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Give a formal proof to the following theorem which I do not know where to start.

Theorem: For all natural numbers 'm', 12 divides m only if 6 divides m and 4 divides m.

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Hint $\,\ \dfrac{m}{12}\ =\ \dfrac{m}4 - \dfrac{m}6\ $ for the more difficult direction.

The other direction is easy: $\ 6(2m) = (6\cdot 2) m = 12m = (4\cdot 3)m = 4(3m)\ $ or, invoke the transitivity of $ $ "divides", i.e. $\ 6\mid 12\mid m\,\Rightarrow\,6\mid m,\,$ etc.

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  • $\begingroup$ unfortunately I meant only if $\endgroup$ – user3321427 May 20 '15 at 19:33
  • $\begingroup$ How can I translate this arithmetic to a "formal" proof? $\endgroup$ – user3321427 May 20 '15 at 19:39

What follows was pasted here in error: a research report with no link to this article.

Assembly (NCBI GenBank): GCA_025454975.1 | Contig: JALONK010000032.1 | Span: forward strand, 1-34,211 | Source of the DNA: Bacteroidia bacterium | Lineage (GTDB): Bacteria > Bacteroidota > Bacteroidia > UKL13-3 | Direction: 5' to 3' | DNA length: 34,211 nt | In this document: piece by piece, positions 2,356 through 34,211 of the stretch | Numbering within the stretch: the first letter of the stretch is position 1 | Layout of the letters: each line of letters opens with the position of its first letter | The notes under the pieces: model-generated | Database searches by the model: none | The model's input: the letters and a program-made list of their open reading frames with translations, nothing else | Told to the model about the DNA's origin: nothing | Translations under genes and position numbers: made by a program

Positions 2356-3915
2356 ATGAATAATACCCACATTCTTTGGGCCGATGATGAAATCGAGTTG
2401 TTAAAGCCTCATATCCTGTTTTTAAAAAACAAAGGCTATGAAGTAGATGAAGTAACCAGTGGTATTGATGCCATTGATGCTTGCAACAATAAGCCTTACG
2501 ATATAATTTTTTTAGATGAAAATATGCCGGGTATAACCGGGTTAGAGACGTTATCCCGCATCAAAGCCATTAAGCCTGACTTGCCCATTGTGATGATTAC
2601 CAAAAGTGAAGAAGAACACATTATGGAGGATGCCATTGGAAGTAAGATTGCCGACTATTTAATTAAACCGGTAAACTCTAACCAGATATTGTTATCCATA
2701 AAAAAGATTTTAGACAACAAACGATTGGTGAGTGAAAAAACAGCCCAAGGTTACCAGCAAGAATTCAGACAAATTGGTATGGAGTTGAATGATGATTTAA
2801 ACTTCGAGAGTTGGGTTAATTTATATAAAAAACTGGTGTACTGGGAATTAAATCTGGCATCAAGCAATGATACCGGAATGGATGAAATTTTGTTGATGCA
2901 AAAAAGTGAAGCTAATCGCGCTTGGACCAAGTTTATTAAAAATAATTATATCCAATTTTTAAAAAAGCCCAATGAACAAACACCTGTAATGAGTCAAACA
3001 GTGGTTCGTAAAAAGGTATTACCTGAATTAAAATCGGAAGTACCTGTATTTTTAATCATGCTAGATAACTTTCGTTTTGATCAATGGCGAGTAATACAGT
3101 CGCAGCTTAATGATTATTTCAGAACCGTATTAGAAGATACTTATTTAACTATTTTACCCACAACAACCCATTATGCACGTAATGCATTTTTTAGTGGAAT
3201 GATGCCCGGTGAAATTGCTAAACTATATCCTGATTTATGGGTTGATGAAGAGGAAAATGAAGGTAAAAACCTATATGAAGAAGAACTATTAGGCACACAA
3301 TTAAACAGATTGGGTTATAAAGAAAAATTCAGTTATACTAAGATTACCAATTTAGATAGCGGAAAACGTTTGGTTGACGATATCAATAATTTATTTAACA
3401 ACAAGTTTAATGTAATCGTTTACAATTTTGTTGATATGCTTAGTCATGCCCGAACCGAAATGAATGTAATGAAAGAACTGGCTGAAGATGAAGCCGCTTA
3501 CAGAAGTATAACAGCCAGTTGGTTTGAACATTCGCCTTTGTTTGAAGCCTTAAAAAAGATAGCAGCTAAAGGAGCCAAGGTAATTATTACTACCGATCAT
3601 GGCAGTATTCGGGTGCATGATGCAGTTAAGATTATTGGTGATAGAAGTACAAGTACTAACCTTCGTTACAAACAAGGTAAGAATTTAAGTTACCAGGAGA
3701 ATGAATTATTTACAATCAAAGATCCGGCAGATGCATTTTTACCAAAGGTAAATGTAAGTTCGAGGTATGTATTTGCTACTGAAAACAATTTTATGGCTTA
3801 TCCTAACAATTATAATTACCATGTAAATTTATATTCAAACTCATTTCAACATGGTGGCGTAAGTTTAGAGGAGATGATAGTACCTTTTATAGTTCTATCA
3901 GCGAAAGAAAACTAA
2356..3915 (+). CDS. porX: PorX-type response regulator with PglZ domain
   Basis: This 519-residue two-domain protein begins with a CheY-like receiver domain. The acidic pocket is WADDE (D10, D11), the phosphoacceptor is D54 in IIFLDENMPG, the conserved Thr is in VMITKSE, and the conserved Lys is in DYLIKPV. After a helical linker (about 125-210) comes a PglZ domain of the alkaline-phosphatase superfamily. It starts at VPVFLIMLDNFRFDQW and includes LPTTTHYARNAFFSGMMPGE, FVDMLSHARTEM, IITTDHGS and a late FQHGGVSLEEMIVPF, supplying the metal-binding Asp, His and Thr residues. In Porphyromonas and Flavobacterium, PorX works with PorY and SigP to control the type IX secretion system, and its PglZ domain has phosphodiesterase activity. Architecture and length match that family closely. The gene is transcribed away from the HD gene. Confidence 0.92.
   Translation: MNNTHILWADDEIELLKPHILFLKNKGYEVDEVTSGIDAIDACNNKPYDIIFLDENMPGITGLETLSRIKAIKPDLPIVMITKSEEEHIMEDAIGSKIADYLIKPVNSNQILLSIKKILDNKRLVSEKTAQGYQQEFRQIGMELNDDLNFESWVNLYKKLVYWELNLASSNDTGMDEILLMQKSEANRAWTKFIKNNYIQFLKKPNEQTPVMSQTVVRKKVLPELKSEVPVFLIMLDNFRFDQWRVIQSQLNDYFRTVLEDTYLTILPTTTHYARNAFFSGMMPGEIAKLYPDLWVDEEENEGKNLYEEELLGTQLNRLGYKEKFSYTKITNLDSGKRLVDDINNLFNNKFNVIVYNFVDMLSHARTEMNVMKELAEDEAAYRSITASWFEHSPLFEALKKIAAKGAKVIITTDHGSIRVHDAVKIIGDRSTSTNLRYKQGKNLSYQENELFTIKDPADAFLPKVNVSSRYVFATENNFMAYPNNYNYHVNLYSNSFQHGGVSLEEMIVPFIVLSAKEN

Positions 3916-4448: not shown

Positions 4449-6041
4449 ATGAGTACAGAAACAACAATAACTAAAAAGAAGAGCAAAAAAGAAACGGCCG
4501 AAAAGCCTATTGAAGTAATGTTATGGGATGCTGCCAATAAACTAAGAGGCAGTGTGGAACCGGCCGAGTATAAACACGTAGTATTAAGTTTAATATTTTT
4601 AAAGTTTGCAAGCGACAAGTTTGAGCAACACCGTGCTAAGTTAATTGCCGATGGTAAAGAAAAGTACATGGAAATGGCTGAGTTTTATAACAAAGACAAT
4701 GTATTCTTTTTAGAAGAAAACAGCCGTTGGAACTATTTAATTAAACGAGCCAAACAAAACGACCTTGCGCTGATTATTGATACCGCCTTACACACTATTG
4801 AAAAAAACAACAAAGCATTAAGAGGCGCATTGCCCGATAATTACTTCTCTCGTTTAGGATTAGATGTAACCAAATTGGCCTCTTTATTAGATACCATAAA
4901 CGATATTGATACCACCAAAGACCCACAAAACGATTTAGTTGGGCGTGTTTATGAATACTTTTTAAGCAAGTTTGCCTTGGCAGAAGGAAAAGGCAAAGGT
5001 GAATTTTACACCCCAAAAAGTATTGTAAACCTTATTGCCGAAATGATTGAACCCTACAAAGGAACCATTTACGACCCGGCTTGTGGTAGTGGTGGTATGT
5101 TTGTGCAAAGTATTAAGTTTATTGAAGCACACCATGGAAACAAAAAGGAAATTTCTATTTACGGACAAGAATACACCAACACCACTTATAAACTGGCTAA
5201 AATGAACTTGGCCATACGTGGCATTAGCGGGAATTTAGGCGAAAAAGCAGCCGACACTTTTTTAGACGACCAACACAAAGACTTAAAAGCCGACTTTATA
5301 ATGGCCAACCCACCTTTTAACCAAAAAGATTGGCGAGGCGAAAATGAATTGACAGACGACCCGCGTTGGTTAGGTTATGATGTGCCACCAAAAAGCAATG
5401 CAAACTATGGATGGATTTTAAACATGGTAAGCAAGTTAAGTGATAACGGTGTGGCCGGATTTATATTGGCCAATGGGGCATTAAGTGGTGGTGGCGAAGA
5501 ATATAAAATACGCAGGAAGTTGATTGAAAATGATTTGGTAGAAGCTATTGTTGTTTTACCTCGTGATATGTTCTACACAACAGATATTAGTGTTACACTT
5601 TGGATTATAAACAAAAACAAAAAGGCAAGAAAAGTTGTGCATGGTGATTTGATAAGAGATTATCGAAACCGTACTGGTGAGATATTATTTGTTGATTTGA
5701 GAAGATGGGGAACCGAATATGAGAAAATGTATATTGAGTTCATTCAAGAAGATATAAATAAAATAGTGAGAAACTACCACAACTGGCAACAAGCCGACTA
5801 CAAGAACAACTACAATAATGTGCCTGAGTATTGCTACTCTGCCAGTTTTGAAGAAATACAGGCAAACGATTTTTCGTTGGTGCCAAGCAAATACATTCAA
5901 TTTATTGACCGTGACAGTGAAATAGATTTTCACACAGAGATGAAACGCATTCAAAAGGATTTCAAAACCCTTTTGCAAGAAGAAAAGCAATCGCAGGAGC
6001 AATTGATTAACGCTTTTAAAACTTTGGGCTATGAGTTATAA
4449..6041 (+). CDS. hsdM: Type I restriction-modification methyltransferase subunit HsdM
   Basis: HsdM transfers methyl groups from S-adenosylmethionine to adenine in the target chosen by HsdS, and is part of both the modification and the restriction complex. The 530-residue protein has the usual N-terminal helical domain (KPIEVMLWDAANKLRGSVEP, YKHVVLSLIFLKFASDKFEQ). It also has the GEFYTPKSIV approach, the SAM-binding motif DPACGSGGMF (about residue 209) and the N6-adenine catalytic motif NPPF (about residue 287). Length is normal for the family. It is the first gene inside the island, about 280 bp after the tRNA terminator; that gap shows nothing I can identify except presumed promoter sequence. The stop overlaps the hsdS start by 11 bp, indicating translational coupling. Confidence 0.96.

• $\begingroup$ @user3321427 What do you mean by a "formal" proof? Are you usng some automater theorem prover or some other rigorous formal proof system? $\endgroup$ – Bill Dubuque May 20 '15 at 20:54
  • $\begingroup$ OP's problem is a direct application of what you call the universal property of lcm: $a,b\mid m\,\Leftrightarrow\, \text{lcm}(a,b)\mid m$. $\endgroup$ – user26486 May 20 '15 at 22:26
  • $\begingroup$ @user31415 Indeed, but most likely that is unfamiliar to the OP (and they clarified that the question is about the easier direction). $\endgroup$ – Bill Dubuque May 20 '15 at 22:57
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If you really means‘only if’, it's trivial. So I'll suppose you meant ‘if’.

Hint: If $6$ divides $m$, $3$ divides $m$. Furthermore $3$ and $4$ are coprime. Then use Gauß's lemma.

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  • $\begingroup$ unfortunately I meant only if $\endgroup$ – user3321427 May 20 '15 at 19:33
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    $\begingroup$ So it's trivial: a divisor of a divisor is a divisor. $\endgroup$ – Bernard May 20 '15 at 19:35

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